Overall, it's been a rough earnings season for many retailers. A harsh winter, combined with soft consumer spending, has eaten into the top line of many chains. However, some have managed to buck the trend. Conn's (NASDAQ:CONN) operates as a retailer of consumer durables and electronics, but also has a consumer credit segment. Both have done surprisingly well for the quarter, overall results certainly outpacing rival Best Buy (NYSE:BBY), which is currently involved in a large-scale turnaround effort. It seems as if being able to acquire credit in Conn's locations is boosting the company's sales.
Conn's came out with some excellent numbers for its first-quarter report. Earnings per share of $0.80 easily topped the $0.73 consensus, rising a huge 31% year over year. Revenue shot up by 33.6% to $335.5 million, also well over calls for $328.5 million. Same-store sales, widely regarded as one of the most important retail metrics, soared 15.6% for the quarter. While this is down slightly from last year's 16.5% increase, it's still a remarkably solid figure.
Looking at results by product category, the numbers would suggest that people are investing more in their homes. Furniture and mattress sales skyrocketed nearly 65%, now accounting for nearly one-third of overall revenue and around 42% of net income due to higher margins on these products. Home appliances were up by 21% and home theater and portable audio sales increased by a very healthy 42%. Surprisingly, computer sales rose by 60%, while tablet sales declined by 15%, which is unusual in today's mobile-computing universe.
What's particularly impressive about the report is that the company managed to deliver an increase in electronics sales, which is very rare in today's consumer spending environment. Same-store sales growth for the electronics segment rose 3%. Best Buy, one of the company's competitors in the electronics and appliance space, certainly hasn't managed to record this type of growth in the category recently.
Following these first-quarter results, the company reaffirmed its full-year guidance for EPS of $3.40-$3.70 with same-store sales growth of between 5% and 10%. Conn's has several positives going forward, including the discontinuation of lawn equipment sales, which carries a fairly low margin, and a shift toward higher margin mattresses and furniture. Based on the most recent results, as well as the favorable outlook and a move toward higher-margin products, things look pretty good for the company as we move into the rest of the fiscal year.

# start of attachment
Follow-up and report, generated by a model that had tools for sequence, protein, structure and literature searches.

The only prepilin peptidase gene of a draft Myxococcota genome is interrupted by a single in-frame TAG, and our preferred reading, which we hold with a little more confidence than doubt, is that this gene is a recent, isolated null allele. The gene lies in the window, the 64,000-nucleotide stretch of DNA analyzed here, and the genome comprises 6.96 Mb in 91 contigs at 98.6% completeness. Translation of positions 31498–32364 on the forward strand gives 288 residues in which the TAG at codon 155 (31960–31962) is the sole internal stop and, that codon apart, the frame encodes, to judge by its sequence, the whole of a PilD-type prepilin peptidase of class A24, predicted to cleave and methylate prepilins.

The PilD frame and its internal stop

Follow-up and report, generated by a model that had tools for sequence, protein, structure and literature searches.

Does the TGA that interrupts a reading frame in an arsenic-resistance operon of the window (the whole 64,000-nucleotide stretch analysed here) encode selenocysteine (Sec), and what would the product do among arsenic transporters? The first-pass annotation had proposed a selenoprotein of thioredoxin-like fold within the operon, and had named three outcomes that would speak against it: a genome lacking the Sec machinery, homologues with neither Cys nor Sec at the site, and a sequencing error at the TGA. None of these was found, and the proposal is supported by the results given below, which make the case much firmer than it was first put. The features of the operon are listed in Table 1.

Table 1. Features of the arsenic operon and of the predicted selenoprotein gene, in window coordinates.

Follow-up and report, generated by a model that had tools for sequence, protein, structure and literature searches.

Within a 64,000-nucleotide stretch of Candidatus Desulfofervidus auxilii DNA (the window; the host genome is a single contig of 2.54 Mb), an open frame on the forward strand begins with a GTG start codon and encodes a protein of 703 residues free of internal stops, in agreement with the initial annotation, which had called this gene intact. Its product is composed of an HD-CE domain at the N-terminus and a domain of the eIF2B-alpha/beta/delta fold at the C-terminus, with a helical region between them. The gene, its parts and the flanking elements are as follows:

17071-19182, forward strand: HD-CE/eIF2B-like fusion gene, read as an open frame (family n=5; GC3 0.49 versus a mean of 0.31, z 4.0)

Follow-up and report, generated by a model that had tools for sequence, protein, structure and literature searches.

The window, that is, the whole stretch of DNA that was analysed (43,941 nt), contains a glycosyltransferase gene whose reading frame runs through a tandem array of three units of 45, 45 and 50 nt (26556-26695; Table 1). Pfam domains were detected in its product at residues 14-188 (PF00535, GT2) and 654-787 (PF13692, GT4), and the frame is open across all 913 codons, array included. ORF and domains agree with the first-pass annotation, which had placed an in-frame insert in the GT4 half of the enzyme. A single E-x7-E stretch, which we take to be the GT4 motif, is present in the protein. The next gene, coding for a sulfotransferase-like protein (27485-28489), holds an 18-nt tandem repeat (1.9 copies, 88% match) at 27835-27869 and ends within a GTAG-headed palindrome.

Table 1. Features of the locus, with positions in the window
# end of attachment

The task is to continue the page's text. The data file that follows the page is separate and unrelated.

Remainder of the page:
Credit making the difference?
The main factor that sets Conn's apart from other retailers in its category is the fact that it offers in-house credit, which makes it easier for consumers to purchase goods in its store locations. This was also one of the best-performing segments by revenue, with credit revenue up nearly 39%. After a period in which the percentage of loans late by more than 60 days rose by 8.8% due to the harsh winter and associated energy costs, things seem to have normalized again, the rate dropping to 7.8% by the end of May.
Perhaps the ease of acquiring goods on credit in Conn's locations is what drove the company to perform so much better than Best Buy, which hasn't exactly been reporting staggering figures lately. Nevertheless, Best Buy is still afloat, which is more than can be said for some companies in the industry. For its latest quarterly report, earnings were more or less flat, while total revenue declined 3%. Same-store sales were down 1.9%, and according to management, things aren't expected to improve much over the next two quarters.
Analysts are divided as to Best Buy's prospects going forward. Some believe that the company is meaningfully turning things around with product launches such as the new iPhone toward the end of the year expected to boost sales. Also, the company's supporters believe that investments in the online channel and customer experience are likely to pay off. Critics on the other hand maintain that the company's turnaround efforts are a case of 'too little, too late', and that online sales will drive the chain to extinction. It seems too early to tell looking at the company's most recent figures.
The bottom line
In a tough sector that's currently feeling the pinch of a weak consumer spending environment, Conn's managed to deliver an excellent performance, beating on the top and bottom line as the consumer credit division seems to be boosting overall sales. Going forward, an increased offering of higher-margin products should allow the company to continue its solid run. Compared to rival Best Buy, which is still struggling in many areas, Conn's seems to have found a formula that works.
Daniel James has no position in any stocks mentioned. The Motley Fool has no position in any of the stocks mentioned. Try any of our Foolish newsletter services free for 30 days. We Fools may not all hold the same opinions, but we all believe that considering a diverse range of insights makes us better investors. The Motley Fool has a disclosure policy.